Definitions

from Wiktionary, Creative Commons Attribution/Share-Alike License.

  • proper noun Mennonite Low German, a variety of Low Prussian East Low German that developed in Royal Prussia and which is now spoken by communities not only in Germany but also in Canada, the United States, Argentina, Brazil, Russia and some other countries. (Not to be confused with the High German language Pennsylvania German.)

Etymologies

from Wiktionary, Creative Commons Attribution/Share-Alike License

From Plautdietsch. Cognate to Dutch Low Saxon Platduuts and German Low German Plattdüütsch, as well as to High German Plattdeutsch (whence English Plattdeutsch).

Examples

  • Reygadas 'typically arresting widescreen visuals and the presence of non-pro actors speaking in German-derived Plautdietsch makes for an initially hypnotic combination, but the spell breaks its hold well before the end of pic's inflated running time, signaling an endurance test for all but the most ascetic arthouse auds.

    GreenCine Daily: Cannes. Silent Light.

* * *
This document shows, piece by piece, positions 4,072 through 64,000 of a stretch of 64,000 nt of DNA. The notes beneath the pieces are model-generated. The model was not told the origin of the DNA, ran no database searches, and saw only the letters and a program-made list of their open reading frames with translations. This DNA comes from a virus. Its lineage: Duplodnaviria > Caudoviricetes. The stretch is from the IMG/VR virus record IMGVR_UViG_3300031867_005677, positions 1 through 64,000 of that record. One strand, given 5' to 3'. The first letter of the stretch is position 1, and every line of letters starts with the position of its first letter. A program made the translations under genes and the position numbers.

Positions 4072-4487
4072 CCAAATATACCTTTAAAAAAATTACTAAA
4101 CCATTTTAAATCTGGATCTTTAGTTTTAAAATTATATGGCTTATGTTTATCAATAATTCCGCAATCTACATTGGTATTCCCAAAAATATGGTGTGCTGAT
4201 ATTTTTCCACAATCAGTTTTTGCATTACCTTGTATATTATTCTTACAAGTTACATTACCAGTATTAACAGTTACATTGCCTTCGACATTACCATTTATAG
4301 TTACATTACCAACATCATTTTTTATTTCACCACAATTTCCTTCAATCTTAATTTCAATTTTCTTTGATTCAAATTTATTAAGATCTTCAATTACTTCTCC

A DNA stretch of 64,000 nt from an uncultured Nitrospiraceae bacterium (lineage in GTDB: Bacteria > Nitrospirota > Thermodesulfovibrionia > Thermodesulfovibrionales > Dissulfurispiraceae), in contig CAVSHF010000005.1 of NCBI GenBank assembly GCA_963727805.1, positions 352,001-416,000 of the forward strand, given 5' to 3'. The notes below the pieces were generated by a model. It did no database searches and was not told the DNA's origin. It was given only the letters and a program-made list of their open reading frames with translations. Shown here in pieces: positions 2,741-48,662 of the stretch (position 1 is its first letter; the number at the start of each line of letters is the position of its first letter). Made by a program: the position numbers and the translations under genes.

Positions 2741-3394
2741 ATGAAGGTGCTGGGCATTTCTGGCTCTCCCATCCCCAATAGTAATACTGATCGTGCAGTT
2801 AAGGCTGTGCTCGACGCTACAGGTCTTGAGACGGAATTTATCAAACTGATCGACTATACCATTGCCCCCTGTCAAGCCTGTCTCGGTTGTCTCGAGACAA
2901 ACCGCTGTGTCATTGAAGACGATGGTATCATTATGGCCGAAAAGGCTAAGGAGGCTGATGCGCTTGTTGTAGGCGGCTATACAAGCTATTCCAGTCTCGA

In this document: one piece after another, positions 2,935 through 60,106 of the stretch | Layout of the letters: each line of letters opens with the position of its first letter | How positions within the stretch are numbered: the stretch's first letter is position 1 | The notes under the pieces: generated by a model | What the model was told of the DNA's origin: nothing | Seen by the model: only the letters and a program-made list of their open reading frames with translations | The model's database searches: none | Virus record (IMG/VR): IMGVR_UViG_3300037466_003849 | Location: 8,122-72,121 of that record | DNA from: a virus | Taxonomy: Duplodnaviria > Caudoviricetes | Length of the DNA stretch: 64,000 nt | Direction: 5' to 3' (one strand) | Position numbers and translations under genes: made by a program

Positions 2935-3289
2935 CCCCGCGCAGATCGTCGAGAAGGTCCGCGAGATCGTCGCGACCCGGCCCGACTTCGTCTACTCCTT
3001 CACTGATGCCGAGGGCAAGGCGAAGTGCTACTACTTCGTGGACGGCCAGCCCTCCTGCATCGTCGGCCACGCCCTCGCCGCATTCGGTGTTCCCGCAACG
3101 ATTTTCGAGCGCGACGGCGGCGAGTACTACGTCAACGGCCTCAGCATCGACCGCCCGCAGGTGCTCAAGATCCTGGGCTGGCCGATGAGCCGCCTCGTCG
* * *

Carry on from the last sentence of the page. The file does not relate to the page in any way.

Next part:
• I even find myself regretting that I can't speak Plautdietsch.

    languagehat.com: THE FUTURE OF IRISH.

  • Plautdietsch, a Germanic language or dialect spoken (at least in recent centuries) only by isolated communities of Mennonites.

    Salon

  • I don't know how in the world Reygadas recruited Mennonites from the Mexican state of Chihuahua -- where about 50,000 Plautdietsch-speakers still hang on -- to act in his film.

    Salon

  • One of the year's best films, being shown in Nashville for the first (and probably only) time, the world's first talking picture shot in the medieval German dialect Plautdietsch is a behavioral experiment-set in northern Mexico's Mennonite community and cast almost entirely with Mennonite non-actors.

    NashvilleScene.com

  • Plautdietsch, a German dialect associated with Prussian Mennonites, is spoken throughout the film, and the women are dressed in dresses and headscarves reminiscent of conservative Amish attire.

    Portland Mercury

  • Reygadas 'typically arresting widescreen visuals and the presence of non-pro actors speaking in German-derived Plautdietsch makes for an initially hypnotic combination, but the spell breaks its hold well before the end of pic's inflated running time, signaling an endurance test for all but the most ascetic arthouse auds. "

    GreenCine Daily

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